This article examines the question of schools teaching students to be respectful citizens with a view to universal human rights.
From the article: “Teaching tolerance in schools cannot avoid controversy”
“The children’s picture book And Tango Makes Three (2005) tells the true story of two male penguins who raise a chick together at a New York zoo. Initially pulped in Singapore and then removed to the adult section of the country’s libraries, and the cause of protests in seven US states, this book by Justin Richardson and Peter Parnell has been controversial. State schools in Birmingham, England, read the book with four- to six-year-olds as part of their ‘No Outsiders’ programme, leading to lengthy protests during 2019. The (predominantly, but not exclusively, Muslim) protestors bore slogans such as ‘My Child, My Right’ and ‘Say No to Undermining Parental Rights and Authority’. In the words of one Birmingham parent, Fatima Shah, who first raised the issue with her daughter’s school: ‘We don’t send our children to school to learn about LGBT. We send them to school to learn maths, science and English.’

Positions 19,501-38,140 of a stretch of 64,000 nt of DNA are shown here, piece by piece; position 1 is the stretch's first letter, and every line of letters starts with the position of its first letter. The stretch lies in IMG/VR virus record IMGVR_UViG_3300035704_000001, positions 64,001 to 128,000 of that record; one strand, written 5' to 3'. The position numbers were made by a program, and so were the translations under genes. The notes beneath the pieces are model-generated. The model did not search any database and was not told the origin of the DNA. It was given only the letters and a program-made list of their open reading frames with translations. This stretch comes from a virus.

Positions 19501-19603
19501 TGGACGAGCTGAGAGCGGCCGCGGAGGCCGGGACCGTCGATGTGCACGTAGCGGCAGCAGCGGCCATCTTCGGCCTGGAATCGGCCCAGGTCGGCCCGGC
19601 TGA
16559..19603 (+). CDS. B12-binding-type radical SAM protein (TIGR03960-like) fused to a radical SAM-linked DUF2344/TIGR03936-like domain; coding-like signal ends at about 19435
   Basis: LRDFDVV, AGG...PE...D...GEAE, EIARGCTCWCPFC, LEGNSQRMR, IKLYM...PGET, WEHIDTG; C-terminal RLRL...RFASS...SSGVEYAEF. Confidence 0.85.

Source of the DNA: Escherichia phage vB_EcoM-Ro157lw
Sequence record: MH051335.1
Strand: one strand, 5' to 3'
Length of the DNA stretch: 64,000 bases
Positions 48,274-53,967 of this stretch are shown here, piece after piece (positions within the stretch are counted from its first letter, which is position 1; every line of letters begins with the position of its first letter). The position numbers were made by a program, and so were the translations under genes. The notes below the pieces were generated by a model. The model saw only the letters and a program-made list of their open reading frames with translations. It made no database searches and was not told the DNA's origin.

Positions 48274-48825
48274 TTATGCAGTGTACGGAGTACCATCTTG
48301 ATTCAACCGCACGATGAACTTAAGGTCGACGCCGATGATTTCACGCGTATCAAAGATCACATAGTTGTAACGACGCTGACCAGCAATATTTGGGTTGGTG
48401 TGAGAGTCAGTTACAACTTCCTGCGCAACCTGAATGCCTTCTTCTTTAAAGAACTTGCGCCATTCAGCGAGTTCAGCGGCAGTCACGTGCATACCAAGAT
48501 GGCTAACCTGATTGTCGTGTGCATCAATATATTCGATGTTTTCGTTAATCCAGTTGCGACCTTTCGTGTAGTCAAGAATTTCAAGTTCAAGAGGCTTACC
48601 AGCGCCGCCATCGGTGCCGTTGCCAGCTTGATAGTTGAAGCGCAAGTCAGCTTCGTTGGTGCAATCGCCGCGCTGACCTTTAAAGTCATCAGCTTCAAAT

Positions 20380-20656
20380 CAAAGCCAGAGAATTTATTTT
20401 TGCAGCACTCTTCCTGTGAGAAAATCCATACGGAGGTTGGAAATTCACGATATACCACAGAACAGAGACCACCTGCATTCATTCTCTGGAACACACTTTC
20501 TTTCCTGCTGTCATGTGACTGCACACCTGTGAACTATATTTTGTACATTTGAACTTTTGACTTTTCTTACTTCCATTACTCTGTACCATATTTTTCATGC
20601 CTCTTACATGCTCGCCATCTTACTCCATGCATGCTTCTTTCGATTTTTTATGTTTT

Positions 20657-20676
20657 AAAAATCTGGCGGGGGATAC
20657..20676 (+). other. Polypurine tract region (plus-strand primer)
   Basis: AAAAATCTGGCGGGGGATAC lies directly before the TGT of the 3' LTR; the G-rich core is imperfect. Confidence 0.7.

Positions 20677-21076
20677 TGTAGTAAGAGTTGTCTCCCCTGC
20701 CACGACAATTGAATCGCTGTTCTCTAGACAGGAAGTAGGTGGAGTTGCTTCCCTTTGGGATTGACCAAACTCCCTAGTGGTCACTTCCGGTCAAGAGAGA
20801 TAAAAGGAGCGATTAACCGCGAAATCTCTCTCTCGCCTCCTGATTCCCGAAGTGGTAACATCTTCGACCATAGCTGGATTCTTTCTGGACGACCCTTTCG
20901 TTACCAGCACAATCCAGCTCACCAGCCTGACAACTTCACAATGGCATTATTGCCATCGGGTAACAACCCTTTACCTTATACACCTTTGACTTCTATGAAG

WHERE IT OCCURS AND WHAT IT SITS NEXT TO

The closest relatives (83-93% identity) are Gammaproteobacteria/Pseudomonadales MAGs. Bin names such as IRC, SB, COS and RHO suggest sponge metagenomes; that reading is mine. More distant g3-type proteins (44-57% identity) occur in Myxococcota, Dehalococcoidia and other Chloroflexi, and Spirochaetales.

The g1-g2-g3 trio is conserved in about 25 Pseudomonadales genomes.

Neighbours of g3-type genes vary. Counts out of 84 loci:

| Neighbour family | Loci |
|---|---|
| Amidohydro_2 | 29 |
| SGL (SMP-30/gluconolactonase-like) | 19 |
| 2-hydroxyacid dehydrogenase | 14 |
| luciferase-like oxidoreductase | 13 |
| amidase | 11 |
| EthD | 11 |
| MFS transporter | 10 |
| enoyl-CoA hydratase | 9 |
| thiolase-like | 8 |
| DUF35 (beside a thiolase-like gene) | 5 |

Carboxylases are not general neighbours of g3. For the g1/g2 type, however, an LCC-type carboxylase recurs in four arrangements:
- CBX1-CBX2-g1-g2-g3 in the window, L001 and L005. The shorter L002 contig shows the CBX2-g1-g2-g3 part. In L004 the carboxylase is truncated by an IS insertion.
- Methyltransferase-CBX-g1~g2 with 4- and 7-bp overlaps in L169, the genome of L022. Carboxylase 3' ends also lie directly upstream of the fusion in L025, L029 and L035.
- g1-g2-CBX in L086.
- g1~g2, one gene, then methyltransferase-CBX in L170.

Teaching programmes such as ‘No Outsiders’ are often justified as part of a wider drive to teach children the value of tolerance. In pluralist societies such as the United Kingdom – where there exist many different opinions on what is right and true – how should ‘tolerance’ as an aim of education be understood, and what does it imply in practice for what goes on in the classroom?”